A leading cycling body has demanded that a commuters cycling route in Inverness should get financial backing from the Scottish Government.
Cycling UK has written to the transport minister Michael Matheson MSP urging him to fund ten key projects aimed at transforming cycling and walking across Scotland- of which Inverness is one.
The Inverness City Active Travel Network will further develop a cycle-friendly route along Millburn Road, Academy Street and the Raigmore interchange. Millburn Road will also see the creation of a fully segregated cycle path, a westbound bus lane and a new footpath.
However, back in 2014 the route, caused controversy after it was dubbed the £1million mile, after calculations showed for 0.7 miles it cost £733,000.
The route previously upgraded ran from the Morrisons supermarket along Millburn Road to Millburn roundabout into King Duncan’s Road, following existing roads and paths through Raigmore Estate before crossing the A9 via the Golden Bridge.
The Inverness project is one of ten of which the government will assess for funding under the Places for Everyone Community Links Plus bids
Cycle UK’s Jim Densham, campaigns and policy manager in Scotland, said: “Financing all the viable projects will inevitably stretch Transport Scotland’s limited budget, and extra funding will be needed from government.
“But we believe this is an appropriate response to the climate emergency and is needed to show that government is taking urgent action in a sector that is falling behind others.”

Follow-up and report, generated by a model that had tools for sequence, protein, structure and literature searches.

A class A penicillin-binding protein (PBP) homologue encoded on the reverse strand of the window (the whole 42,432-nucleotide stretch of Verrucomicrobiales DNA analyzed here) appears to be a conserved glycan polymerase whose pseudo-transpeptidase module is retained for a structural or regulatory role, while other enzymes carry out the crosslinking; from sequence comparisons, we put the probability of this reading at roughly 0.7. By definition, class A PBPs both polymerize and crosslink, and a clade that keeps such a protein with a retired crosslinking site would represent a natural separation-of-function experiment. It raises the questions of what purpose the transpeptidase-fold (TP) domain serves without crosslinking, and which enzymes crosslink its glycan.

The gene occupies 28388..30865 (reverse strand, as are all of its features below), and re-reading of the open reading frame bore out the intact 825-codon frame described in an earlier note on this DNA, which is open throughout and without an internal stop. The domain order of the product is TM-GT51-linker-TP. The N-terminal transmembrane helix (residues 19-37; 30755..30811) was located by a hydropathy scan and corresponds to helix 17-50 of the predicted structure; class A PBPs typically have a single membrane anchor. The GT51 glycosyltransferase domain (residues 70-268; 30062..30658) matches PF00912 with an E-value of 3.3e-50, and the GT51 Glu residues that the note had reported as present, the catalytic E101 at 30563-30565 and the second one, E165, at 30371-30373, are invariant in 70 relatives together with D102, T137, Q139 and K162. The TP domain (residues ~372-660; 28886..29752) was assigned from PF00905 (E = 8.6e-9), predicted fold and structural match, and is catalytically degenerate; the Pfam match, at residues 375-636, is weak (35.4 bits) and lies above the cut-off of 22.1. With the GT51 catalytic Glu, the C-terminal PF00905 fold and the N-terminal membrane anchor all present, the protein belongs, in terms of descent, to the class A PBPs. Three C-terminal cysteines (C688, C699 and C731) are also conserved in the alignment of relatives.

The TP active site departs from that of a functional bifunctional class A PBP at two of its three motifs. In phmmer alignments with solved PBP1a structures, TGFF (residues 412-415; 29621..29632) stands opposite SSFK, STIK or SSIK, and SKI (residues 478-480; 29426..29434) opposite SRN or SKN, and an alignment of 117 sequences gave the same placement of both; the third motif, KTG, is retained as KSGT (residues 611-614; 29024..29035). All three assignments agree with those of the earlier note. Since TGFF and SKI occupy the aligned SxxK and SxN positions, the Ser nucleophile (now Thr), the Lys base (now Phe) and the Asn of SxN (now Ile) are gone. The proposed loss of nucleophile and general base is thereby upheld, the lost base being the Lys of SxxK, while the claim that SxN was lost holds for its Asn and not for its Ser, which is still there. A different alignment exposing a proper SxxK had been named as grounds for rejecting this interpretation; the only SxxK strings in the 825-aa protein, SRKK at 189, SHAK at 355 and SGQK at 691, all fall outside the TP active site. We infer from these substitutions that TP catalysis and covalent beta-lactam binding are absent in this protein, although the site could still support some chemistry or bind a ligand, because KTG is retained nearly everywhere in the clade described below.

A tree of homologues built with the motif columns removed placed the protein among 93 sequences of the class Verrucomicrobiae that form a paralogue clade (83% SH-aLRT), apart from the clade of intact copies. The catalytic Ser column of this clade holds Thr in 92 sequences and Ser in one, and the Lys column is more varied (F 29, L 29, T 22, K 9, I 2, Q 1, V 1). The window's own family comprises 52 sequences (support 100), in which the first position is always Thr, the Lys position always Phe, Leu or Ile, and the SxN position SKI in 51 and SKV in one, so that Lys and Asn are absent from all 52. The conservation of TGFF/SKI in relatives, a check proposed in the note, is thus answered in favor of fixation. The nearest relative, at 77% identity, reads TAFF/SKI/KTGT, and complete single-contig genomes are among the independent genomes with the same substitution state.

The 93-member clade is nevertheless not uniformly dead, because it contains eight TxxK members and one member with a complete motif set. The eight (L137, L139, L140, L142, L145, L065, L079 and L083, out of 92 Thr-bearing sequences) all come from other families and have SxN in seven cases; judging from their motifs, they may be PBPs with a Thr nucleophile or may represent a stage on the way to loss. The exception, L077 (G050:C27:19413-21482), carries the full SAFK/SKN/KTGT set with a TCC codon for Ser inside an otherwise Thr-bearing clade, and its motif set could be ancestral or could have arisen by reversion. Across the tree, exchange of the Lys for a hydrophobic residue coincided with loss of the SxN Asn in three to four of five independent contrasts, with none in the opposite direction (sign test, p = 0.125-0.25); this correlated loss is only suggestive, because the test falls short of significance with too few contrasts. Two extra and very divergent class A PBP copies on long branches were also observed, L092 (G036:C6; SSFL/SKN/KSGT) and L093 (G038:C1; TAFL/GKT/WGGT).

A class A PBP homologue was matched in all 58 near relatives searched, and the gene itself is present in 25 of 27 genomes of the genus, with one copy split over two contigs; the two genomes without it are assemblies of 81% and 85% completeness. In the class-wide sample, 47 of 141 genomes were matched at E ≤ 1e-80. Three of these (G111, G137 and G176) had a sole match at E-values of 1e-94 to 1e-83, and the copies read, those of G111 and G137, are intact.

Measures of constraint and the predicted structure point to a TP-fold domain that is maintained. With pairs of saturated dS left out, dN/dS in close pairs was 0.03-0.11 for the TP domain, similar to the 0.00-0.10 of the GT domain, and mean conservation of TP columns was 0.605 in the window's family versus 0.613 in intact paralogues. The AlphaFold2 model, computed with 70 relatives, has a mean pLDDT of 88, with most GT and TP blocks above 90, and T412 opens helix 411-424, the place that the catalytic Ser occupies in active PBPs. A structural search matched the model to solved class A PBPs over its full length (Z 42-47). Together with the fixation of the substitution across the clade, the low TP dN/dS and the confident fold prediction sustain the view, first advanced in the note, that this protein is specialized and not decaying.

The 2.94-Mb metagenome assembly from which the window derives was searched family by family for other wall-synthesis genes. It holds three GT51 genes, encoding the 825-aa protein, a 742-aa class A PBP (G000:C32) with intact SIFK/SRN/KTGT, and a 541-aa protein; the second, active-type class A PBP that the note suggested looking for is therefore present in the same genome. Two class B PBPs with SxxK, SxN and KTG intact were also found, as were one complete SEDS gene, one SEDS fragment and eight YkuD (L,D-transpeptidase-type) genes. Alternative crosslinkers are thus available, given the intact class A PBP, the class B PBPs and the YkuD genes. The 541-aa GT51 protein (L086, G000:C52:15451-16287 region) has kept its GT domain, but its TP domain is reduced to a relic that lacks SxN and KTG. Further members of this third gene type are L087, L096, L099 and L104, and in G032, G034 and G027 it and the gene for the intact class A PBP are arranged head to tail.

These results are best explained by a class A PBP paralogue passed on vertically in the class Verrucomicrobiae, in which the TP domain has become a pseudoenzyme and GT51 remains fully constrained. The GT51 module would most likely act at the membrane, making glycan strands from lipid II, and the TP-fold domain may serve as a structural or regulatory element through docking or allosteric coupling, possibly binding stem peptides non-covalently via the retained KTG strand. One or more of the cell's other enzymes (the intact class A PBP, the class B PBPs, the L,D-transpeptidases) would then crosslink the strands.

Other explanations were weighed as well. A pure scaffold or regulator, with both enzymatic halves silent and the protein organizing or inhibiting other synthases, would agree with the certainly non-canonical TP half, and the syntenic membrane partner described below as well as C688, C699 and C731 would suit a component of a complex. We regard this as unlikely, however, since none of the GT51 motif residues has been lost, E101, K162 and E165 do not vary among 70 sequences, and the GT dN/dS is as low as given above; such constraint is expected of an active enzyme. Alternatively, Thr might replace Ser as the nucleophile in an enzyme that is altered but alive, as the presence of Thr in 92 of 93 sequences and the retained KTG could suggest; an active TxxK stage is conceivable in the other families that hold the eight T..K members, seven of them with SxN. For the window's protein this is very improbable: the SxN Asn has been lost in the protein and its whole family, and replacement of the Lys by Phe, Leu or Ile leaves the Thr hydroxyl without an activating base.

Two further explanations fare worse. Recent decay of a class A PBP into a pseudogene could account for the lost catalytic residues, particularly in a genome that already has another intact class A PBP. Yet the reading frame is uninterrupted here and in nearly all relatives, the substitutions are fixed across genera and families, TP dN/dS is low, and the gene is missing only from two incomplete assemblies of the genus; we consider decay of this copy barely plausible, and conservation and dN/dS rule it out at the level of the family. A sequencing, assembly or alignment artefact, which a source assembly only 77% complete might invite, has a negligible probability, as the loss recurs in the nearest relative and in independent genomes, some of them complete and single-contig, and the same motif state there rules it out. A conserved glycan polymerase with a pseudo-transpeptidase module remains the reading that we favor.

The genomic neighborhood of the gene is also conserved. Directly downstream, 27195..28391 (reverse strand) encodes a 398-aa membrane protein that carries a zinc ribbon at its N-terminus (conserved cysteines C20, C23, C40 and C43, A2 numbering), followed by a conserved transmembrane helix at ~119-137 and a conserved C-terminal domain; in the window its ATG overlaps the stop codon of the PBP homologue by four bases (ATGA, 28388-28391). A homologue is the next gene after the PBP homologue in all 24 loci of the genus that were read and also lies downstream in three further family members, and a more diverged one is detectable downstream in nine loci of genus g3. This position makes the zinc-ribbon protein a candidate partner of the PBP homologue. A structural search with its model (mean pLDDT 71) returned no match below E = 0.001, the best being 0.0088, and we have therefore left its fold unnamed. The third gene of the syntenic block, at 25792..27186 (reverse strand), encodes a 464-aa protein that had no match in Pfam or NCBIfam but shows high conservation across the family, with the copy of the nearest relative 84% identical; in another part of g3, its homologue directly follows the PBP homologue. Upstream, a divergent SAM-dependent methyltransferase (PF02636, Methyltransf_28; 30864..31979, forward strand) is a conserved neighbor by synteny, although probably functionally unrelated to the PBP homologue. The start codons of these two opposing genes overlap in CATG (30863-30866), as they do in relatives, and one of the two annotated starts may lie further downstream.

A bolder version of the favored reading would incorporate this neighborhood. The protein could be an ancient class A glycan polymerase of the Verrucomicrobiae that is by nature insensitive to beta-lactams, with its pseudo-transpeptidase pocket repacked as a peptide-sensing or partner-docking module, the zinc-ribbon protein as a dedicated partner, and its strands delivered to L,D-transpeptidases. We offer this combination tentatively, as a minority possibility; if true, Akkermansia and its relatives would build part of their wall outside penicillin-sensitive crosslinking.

Mr Densham added: “The impacts of climate change threaten every aspect of our lives, including making the conditions for cycling and active travel more challenging.
“However, more people travelling by bike rather than by car is one of the solutions to climate change, one which the majority of people in Scotland can be part of and benefit from in their daily lives.”
A Transport Scotland spokesman said: “As Cycling UK is aware, it is important for public money and the process for funding awards to be transparent, accountable and evidence-based.
“More broadly, as we told Parliament last month, we do recognise there is work to be done with all our partners, however we are already taking decisive action to transform walking and cycling across Scotland.
“The successful projects will be announced soon. All projects will be advised how to improve so as to make them viable for funding.”
The spokesman said the Scottish Government doubled its active travel budget in 2018 to £80 million.